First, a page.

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Nike Nearly Dropped Colin Kaepernick Before Embracing Him

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Nearly a month after Colin Kaepernick was revealed as the face of Nike’s groundbreaking new advertising campaign, the unveiling videohas garnered more than 80 million views on Twitter, Instagram and YouTube.

The ads have sent Kaepernick into a new realm of celebrity, quickly becoming among the most talked-about and successful campaigns in recent years. And they have allowed Nike, which has a history of provocative marketing campaigns, to capitalize on the so-called Resistance movement in a way it only recently realized it could.

They are also yet another vehicle for Kaepernick to raise his own profile as a sort of civil rights entrepreneur unlike anyone before has, certainly in sports. He has signed deals to write a book — which is set to be published next year and will be accompanied by a speaking tour — and to develop a comedy series.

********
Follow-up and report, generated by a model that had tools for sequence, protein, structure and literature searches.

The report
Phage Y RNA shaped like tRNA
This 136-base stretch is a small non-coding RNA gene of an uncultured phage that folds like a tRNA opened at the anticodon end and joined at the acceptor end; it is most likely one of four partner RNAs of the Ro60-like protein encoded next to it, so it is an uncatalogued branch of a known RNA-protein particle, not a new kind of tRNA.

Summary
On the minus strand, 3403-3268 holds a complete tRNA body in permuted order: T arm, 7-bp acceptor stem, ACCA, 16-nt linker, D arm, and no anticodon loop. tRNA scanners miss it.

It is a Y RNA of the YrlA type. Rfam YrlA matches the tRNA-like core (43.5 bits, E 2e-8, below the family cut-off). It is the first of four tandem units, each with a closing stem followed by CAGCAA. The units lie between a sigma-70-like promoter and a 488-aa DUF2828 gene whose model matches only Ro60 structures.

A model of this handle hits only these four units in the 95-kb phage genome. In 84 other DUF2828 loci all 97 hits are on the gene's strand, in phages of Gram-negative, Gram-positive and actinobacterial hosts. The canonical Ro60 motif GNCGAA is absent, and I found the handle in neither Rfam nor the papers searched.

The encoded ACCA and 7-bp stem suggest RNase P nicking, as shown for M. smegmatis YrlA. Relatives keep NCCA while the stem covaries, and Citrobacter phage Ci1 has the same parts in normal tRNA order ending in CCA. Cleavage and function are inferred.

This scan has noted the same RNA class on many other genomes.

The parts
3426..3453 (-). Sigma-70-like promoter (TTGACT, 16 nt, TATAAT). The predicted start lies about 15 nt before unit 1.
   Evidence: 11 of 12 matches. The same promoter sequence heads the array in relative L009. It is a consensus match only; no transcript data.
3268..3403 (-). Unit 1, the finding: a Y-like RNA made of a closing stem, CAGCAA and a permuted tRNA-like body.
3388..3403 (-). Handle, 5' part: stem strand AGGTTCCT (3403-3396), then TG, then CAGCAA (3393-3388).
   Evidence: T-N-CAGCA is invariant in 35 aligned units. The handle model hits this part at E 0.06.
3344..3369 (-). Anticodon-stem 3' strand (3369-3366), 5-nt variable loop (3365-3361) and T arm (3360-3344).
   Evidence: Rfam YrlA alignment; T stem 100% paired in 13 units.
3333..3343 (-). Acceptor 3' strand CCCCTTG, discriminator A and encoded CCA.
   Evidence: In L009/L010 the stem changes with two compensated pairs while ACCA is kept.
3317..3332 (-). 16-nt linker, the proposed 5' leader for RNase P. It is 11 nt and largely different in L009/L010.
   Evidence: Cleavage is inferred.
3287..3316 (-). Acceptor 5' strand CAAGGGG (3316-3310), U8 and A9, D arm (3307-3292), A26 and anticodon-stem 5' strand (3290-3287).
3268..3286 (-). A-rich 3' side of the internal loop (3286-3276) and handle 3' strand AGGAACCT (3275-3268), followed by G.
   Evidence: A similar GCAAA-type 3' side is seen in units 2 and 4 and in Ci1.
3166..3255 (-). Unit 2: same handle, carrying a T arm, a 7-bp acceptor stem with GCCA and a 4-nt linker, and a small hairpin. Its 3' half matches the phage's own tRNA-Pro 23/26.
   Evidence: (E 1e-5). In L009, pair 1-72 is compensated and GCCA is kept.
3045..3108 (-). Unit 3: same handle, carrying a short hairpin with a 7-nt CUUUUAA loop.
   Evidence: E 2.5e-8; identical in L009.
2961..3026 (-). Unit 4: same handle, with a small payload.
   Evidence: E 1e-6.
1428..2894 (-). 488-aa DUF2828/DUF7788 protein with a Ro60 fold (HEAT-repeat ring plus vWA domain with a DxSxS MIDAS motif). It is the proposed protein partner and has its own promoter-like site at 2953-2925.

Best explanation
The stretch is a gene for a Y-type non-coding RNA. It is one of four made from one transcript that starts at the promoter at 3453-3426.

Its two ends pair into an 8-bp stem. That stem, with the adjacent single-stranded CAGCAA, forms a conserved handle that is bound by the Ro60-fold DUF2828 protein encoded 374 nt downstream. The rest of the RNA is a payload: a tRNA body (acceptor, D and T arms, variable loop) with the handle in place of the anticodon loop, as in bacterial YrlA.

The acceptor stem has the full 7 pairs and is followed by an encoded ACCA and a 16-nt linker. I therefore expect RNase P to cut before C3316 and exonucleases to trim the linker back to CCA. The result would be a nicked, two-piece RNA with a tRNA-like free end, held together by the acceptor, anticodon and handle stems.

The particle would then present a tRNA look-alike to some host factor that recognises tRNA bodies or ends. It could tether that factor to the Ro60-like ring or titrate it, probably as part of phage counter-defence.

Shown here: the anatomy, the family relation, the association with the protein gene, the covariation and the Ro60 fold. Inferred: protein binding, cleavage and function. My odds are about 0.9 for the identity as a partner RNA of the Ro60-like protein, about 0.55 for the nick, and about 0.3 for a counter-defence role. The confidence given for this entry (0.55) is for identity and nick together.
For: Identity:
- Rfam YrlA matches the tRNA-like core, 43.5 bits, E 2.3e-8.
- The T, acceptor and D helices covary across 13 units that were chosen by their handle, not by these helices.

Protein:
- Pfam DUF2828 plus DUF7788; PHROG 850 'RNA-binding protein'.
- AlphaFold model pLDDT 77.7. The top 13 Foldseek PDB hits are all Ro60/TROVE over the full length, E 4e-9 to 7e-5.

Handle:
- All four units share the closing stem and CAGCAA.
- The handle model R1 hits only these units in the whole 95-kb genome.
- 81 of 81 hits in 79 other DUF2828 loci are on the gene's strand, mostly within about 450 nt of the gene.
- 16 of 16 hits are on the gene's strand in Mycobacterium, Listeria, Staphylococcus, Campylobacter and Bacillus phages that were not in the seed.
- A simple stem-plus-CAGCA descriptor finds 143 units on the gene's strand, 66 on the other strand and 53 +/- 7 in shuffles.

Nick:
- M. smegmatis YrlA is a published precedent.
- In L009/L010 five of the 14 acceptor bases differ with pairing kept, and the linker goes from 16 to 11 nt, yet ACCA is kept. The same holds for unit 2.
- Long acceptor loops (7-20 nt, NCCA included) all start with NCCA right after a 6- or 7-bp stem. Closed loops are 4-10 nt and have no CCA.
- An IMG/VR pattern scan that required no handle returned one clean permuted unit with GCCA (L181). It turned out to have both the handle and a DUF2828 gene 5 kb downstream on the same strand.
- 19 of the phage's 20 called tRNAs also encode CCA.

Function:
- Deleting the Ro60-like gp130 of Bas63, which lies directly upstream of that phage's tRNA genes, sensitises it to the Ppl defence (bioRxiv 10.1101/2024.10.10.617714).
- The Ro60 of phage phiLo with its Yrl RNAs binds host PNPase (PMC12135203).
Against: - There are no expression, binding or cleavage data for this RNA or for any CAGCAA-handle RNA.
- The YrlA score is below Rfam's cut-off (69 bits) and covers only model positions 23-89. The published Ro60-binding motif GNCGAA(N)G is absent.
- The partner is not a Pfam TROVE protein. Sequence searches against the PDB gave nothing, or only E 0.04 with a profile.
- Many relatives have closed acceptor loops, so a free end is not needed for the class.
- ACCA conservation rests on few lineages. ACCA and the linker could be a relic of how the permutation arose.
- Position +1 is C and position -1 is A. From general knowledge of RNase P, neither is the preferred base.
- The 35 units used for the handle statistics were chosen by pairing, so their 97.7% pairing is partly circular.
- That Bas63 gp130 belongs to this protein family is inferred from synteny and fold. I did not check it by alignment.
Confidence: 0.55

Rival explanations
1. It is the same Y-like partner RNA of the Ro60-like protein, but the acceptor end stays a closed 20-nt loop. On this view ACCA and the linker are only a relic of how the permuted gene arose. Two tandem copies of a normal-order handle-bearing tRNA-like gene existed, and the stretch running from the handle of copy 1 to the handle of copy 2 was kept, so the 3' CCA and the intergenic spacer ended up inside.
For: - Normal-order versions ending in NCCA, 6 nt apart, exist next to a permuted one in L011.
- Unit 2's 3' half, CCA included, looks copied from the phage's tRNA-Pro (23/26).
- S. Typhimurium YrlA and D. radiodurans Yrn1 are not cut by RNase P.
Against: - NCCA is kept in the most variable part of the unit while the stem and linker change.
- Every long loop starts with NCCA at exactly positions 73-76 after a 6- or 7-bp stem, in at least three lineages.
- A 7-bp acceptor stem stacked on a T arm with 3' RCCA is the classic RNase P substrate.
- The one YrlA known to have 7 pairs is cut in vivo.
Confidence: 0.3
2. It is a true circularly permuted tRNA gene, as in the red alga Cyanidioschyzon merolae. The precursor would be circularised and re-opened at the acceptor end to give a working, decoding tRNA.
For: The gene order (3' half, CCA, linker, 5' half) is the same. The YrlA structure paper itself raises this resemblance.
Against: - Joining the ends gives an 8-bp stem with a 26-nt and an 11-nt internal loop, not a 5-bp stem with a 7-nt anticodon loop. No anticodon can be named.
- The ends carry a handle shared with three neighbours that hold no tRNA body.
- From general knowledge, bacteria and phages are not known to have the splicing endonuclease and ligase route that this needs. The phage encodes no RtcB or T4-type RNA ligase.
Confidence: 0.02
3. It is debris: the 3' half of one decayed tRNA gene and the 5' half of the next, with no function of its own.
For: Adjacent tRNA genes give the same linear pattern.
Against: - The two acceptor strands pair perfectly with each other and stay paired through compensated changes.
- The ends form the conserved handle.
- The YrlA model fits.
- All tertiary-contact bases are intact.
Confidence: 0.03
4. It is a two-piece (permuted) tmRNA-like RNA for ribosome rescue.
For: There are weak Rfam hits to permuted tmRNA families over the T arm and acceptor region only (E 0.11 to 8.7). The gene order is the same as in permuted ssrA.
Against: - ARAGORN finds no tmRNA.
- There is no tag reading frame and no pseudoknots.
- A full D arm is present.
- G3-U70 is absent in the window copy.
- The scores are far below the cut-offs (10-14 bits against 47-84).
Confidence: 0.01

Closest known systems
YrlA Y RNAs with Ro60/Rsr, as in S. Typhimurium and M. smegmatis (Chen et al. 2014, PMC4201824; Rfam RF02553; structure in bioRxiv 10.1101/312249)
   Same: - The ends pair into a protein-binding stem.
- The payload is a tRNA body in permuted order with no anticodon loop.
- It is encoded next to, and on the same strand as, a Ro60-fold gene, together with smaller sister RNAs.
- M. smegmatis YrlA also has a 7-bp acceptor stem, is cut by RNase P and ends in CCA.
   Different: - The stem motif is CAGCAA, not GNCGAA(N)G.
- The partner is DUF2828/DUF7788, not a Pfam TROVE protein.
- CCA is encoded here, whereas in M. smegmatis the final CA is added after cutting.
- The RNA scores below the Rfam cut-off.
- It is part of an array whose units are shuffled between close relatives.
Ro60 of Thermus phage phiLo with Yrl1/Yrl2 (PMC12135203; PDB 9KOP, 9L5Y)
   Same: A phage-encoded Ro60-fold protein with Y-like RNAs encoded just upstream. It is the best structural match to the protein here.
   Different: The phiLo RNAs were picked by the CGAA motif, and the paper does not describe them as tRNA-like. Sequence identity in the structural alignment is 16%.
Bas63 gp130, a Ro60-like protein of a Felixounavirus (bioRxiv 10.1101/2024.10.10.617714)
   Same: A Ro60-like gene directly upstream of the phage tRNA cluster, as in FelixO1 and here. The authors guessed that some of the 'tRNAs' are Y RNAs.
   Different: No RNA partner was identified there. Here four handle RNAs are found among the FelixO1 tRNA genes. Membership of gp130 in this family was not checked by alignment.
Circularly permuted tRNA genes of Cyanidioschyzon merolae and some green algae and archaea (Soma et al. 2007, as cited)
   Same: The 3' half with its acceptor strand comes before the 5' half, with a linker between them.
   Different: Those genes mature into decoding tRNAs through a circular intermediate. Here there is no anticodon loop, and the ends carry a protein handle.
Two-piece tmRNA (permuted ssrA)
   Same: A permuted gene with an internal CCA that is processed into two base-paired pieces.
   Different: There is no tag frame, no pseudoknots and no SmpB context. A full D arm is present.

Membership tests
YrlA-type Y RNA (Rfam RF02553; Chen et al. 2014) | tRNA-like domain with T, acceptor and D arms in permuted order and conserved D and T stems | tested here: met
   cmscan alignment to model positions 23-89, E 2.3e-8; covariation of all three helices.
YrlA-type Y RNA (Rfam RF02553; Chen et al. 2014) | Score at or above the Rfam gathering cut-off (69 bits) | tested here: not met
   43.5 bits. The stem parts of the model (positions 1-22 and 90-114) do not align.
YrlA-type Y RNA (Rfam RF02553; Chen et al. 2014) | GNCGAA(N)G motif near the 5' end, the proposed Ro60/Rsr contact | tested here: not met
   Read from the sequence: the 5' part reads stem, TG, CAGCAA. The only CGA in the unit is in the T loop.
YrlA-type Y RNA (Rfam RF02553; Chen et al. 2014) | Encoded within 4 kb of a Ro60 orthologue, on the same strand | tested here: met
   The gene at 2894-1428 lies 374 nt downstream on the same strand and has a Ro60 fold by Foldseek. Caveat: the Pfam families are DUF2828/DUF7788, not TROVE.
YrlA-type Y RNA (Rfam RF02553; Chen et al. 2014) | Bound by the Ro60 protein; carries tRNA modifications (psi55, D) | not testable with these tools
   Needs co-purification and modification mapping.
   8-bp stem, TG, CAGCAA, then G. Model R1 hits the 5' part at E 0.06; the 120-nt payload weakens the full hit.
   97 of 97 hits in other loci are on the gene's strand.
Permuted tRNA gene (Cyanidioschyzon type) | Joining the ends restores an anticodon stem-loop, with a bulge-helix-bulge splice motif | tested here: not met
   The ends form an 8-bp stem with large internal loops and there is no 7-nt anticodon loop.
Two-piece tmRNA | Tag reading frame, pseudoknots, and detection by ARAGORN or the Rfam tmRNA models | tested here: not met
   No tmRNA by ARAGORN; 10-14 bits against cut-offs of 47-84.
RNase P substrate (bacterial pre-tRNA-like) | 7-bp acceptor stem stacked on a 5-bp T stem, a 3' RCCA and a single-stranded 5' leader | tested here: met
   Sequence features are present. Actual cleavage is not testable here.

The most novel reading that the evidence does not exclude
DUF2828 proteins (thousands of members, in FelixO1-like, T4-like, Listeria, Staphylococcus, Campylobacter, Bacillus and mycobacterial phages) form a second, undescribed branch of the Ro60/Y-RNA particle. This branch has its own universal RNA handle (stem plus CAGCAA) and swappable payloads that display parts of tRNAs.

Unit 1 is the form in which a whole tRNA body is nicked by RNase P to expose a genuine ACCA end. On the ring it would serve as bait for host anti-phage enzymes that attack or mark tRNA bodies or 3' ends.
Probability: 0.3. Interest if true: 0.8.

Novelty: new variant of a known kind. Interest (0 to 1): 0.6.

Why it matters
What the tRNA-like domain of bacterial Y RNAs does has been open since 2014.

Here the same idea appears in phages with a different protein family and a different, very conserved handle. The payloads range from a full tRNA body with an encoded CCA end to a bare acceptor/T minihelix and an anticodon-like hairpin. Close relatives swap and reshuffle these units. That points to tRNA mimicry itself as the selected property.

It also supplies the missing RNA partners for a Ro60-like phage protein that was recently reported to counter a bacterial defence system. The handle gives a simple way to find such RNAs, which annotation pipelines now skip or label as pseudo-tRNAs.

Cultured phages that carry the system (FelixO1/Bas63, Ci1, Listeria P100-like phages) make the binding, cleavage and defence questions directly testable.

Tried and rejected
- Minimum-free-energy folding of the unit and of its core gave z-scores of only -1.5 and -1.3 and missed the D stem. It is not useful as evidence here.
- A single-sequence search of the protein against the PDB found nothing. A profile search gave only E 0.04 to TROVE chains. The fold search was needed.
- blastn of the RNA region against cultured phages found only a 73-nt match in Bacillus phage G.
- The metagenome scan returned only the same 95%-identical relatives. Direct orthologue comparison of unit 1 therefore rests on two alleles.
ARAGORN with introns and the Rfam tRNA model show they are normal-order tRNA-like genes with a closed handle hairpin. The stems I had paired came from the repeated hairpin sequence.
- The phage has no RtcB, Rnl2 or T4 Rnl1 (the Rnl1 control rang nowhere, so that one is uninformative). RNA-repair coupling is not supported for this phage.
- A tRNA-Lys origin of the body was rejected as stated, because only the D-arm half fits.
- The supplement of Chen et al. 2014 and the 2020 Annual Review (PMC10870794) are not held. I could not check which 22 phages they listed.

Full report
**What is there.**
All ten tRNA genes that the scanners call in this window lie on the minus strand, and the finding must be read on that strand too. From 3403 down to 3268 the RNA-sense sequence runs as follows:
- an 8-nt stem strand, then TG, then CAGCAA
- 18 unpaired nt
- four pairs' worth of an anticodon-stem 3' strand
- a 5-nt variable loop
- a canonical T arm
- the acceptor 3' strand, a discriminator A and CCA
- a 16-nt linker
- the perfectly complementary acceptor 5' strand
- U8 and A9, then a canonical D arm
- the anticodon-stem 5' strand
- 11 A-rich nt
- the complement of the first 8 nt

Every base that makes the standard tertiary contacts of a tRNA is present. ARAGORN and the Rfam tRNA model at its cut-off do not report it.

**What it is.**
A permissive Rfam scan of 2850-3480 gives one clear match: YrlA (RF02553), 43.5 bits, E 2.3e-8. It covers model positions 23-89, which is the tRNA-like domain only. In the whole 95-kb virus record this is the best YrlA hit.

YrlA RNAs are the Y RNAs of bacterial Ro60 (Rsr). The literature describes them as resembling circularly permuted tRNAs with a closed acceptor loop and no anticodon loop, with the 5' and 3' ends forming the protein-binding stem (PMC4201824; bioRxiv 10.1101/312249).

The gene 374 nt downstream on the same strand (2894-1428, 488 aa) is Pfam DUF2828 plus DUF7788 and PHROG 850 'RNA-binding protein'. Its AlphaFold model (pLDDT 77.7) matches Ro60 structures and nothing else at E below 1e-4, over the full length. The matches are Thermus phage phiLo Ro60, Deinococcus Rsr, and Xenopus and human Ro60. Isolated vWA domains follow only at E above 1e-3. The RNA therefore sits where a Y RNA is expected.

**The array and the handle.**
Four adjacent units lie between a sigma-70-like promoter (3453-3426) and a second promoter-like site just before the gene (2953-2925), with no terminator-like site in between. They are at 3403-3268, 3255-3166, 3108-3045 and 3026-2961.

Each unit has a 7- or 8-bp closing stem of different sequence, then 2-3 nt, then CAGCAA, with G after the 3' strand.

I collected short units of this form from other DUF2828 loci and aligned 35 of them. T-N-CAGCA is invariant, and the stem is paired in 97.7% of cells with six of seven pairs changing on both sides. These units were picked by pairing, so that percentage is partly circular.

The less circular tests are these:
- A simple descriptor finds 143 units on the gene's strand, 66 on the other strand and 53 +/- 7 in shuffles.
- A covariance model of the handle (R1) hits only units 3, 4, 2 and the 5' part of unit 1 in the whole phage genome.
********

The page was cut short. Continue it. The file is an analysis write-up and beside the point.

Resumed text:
But it almost didn’t happen. In the summer of 2017, a debate raged in Nike’s headquarters in Beaverton, Ore., over whether to cut loose the controversial, unemployed quarterback — and the company very nearly did, according to two individuals with knowledge of the discussions who requested anonymity because of nondisclosure agreements each has with Nike.

When the company did decide to embrace the former San Francisco 49ers quarterback, it risked angering the National Football League, a Nike partner since 2012, but the company ultimately decided it was a risk worth taking, given the credibility the company would gain with the young, urban market it has long targeted.

Kaepernick ignited a national discourse in 2016 when he began kneeling during the playing of the national anthem before games to protest racism, social inequality and police brutality. He left the 49ers after the 2016 season and became a free agent, but executives throughout the N.F.L. considered him radioactive because of his on-field protests, which drew vocal criticism from President Trump, and no team signed him.

That left Nike’s sports marketing group flummoxed. There seemed to be little they could do with a lightning-rod professional football player who was not playing football.

Read more at The New York Times